WILLISTON, N.D. – While waiting in line to take a shower at Elite Fitness, Barbara Hylick scolded a man who refused to take off his dirty work boots.
The gym offered her a job on the spot.
The Orlando, Fla., woman later found housing, a car and new friends through connections at work, and now she’s making Williston her home.
“I knew with so many things falling into place for me that it was a confirmation I was supposed to be here,” Hylick said.
Hylick, 50, was managing a restaurant in Florida when her friend who works as a truck driver in North Dakota invited her to visit Williston to check out the job opportunities. She took a vacation to Williston in November to see what it was like.
“I just took that leap of faith and came out,” recalled Hylick.
She stayed in her friend’s RV and was showering at the Williston health club, which is common among the job-seekers and workers who live in campers or their vehicles due to the housing shortage.
The man who was in front of Hylick in line at the front desk claimed his boots cost $700 and refused to leave them in the entryway. The woman behind the desk was a little timid, so Hylick had a confrontation with the man and told him to “Take the boots off or leave.”
The Elite Fitness owner whispered to Hylick, “Would you like a job?”
Hylick worked at the center for three days during her November vacation and said she’d be back in January.
She returned to Florida expecting to put her two-week notice in and train her replacement, but learned that the restaurant she managed would be closing. Hylick had the option to transfer to another restaurant, but she was ready for a change.
Hylick returned to Williston in January and began working as a manager of the fitness center. Within a month, Hylick found a two bedroom, one bathroom basement apartment to rent from someone who works at Elite.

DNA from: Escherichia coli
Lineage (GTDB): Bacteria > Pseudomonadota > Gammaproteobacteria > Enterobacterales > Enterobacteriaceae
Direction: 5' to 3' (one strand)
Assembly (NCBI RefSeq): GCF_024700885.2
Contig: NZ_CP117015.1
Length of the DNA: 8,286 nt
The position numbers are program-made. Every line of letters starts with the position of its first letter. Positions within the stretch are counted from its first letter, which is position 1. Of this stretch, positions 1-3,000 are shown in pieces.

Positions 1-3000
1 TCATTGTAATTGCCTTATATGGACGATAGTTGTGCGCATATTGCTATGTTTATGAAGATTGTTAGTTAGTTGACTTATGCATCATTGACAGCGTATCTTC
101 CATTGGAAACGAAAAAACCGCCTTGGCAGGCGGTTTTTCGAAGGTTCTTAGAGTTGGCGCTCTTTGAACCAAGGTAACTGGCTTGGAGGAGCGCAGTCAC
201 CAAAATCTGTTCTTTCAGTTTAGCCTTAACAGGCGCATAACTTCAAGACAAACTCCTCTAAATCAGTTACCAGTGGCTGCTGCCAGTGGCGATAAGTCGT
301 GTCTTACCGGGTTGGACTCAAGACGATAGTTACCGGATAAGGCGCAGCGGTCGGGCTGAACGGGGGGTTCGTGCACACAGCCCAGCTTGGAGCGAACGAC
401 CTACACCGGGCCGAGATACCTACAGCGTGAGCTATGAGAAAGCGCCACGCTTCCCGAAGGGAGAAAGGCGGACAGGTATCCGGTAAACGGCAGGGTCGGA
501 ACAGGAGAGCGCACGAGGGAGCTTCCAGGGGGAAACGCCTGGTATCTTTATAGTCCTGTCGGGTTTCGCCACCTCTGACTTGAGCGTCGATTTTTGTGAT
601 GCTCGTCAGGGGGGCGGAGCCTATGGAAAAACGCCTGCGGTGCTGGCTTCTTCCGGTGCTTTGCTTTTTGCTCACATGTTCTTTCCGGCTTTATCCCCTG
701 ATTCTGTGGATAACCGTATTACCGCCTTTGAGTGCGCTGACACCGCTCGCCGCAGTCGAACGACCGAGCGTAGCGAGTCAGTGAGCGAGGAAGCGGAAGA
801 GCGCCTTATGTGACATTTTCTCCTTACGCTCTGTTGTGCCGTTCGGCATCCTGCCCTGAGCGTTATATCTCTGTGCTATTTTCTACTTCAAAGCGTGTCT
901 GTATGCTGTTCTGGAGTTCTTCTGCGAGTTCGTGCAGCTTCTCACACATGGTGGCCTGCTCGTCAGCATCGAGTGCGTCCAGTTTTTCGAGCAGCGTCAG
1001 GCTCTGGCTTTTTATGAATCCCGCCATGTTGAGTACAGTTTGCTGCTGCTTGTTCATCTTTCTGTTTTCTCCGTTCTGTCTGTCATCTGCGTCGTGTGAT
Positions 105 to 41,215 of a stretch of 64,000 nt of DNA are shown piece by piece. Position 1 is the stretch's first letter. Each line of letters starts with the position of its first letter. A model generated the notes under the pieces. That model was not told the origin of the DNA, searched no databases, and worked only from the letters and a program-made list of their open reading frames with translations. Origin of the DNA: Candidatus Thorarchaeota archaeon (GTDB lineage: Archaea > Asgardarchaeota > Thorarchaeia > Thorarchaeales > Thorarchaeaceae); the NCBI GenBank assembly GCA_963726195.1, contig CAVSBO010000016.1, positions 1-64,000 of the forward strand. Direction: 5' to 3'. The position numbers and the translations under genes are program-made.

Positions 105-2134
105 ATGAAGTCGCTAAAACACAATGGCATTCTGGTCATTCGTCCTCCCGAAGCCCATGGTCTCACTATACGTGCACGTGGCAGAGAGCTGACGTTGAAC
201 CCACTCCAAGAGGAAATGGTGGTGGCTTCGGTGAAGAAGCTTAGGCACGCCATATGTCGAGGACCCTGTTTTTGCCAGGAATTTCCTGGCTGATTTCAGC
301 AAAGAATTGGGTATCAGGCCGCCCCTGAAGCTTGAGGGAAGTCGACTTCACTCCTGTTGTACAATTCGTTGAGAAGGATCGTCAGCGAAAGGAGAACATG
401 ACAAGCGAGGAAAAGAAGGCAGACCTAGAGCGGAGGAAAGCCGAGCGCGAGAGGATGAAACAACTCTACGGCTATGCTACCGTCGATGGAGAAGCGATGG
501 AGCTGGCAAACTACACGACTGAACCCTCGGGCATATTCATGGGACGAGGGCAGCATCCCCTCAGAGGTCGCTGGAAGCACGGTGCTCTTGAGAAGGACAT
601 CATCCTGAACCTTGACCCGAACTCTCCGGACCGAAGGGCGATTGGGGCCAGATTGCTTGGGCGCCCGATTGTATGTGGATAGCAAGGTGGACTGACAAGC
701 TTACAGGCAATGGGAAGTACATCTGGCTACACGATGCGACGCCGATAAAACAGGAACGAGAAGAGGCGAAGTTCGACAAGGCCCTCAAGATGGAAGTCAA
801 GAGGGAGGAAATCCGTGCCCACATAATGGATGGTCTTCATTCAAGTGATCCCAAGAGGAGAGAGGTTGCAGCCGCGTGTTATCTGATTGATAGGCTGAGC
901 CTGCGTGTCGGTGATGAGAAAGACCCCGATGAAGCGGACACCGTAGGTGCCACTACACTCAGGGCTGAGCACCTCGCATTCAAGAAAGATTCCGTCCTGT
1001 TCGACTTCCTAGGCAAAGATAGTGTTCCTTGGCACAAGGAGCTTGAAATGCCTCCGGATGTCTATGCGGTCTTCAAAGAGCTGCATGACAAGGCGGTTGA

She initially walked the one mile from her apartment to work, where she starts her day at 5:30 a.m., but wasn’t prepared for the cold and got frostbite on her legs. A woman who works out every morning at Elite saw her walking and offered to drive her to work. Hylick later bought a car from a co-worker at Elite.
“I’m blessed and I am surrounded by some of the greatest people on earth,” she said.
Hylick’s 18-year-old daughter, Jacquelynn, came to North Dakota in June expecting to spend the summer. But she decided to stay and now she’s planning to enroll at Williston State College.
“I’ve always really liked a smaller town because I get to know people faster,” Jacquelynn said. “It’s not as overwhelming as a big city.”
Hylick hopes her husband, Charles, who works as a truck driver in Florida, will join her in North Dakota, but so far he’s been afraid of the cold. She also has a 31-year-old son, Eric, who works in construction and may consider moving to Williston in the future.
Hylick occasionally has to get assertive with a customer who won’t remove his boots, but for the most part she spends her days joking around with clients and co-workers.
“If you’re a people person you can fit in anywhere,” she said.